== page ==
Space and Power

With the arrival of the HP 3000 we remodeled space in the old WDPC.  The "space wars" with OAC were probably the most aggravating aspect of the entire situation.  The arguments were around who "owned" the space.  The conflict was simple:  GSMís computing capability were growing to meet local demand and there was a corresponding reduction in need for the North-facility as previously configured.  GSM wanted the space.  OAC didnít want to relinquish it.  Some compromises were made, and over the next several years space swapped: key punch machines space became labs, storage rooms became offices, etc.

Preparing the space for the arrival of our first computer was another challenge.  I remember when the electrician came in to follow the HP power specs, they pulled a new separate subpanel into the adjoining room.  We all laughed that they brought so much power into the area.  Of course, the last laugh was on us;  a few years later a second panel had to be installed.  But it was the emergency buttons that were the real laugh.  These are the big red button youíre to hit if there is an emergency to turn off the power.  Well, it got installed and then, a couple years later when we had to move the system to the a connecting room which was larger, the buttons turned out to be in the wrong place:  behind the door!  When you opened the door it would swing around and hit the red button and turn off the power!!!!  That only happen a couple times before the door stop was installed.  And it took a couple years more to get the button moved to an opposite wall!  At least with an existing raised floor, it made the wiring for the room very clean.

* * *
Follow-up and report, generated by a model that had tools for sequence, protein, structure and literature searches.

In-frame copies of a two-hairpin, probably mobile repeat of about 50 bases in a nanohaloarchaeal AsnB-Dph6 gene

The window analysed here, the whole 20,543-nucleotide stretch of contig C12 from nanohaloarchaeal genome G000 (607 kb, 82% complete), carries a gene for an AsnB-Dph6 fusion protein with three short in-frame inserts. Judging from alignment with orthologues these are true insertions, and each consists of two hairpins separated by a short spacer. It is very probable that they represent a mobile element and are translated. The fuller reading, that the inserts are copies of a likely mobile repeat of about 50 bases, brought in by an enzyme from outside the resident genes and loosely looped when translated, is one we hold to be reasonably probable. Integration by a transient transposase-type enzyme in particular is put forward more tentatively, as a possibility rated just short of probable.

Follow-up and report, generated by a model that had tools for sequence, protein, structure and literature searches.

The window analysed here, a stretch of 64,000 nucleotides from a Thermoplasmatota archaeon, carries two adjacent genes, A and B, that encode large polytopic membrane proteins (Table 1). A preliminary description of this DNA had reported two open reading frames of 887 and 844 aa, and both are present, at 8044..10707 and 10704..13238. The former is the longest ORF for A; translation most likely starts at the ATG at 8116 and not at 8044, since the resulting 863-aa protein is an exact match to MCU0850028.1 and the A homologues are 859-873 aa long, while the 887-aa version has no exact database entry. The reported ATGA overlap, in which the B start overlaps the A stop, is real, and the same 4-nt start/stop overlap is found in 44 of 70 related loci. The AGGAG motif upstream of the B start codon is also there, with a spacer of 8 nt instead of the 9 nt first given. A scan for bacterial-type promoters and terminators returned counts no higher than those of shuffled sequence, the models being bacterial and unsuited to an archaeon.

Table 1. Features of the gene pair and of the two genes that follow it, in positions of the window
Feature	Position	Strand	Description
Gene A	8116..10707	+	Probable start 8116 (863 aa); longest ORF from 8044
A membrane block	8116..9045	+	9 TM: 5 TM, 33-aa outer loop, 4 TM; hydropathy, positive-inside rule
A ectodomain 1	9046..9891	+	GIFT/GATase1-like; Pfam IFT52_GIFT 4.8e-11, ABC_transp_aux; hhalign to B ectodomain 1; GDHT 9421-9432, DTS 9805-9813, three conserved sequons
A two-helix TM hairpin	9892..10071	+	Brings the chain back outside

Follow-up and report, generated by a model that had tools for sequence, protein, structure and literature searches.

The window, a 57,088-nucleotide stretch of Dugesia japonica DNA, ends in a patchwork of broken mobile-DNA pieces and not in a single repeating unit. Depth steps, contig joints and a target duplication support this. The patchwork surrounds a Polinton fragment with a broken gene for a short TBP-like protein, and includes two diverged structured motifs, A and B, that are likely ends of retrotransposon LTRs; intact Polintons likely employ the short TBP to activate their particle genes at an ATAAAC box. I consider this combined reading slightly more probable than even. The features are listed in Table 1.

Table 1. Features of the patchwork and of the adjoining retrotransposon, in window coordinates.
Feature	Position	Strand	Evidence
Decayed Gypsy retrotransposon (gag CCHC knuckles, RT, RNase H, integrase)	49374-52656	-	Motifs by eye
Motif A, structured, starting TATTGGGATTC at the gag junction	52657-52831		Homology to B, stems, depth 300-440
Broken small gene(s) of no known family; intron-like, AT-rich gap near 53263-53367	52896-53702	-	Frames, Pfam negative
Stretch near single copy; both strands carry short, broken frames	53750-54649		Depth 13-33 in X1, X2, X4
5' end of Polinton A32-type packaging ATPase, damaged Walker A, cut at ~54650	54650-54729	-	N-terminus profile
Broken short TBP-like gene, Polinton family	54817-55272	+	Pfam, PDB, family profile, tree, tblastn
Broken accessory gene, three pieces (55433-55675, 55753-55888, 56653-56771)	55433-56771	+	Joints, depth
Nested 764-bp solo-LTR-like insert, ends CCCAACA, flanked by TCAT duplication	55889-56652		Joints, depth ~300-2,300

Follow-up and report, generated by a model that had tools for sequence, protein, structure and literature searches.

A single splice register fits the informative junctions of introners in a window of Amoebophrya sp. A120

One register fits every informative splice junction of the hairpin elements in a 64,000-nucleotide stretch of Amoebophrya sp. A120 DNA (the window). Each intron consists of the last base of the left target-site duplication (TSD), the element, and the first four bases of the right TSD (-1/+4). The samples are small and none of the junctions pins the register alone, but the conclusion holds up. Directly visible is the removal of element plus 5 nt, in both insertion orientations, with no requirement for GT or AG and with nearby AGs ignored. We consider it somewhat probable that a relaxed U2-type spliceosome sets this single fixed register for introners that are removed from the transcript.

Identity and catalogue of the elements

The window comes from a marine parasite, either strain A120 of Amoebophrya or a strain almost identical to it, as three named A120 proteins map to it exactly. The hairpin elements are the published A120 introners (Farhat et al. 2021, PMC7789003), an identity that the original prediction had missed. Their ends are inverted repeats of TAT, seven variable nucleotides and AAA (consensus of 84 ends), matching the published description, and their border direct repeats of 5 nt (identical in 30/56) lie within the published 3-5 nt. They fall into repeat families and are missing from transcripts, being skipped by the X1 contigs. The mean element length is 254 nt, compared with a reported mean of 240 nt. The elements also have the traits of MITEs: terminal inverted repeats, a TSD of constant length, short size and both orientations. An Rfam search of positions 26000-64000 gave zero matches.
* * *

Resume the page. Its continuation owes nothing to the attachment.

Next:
The air conditioning for that room was another challenge. The original WDPC had tons of power and its own independent air conditioning and blower system.  Our first HP was fine with the ambient air.  However, with the move to the next room, and the doubling of the amount of equipment, disc drives, communications equipment, controls, and the like, more air was required.  So, an independent self contain unit was installed.  Water piping and drains had to be moved into this previous office only area.  The blower was installed on the ceiling, which for some unbelievable amount of time, dripped continuously, and of course equipment ended up being located directly under the drip.

An interesting note on the A/C.  When we had the 1994 Northridge earthquake, the very first item to be fixed within the school was that air conditioning unit so that the HP system could be kept running 24/7.  The HP became the communications link for the entire school, so its centrality was recognized.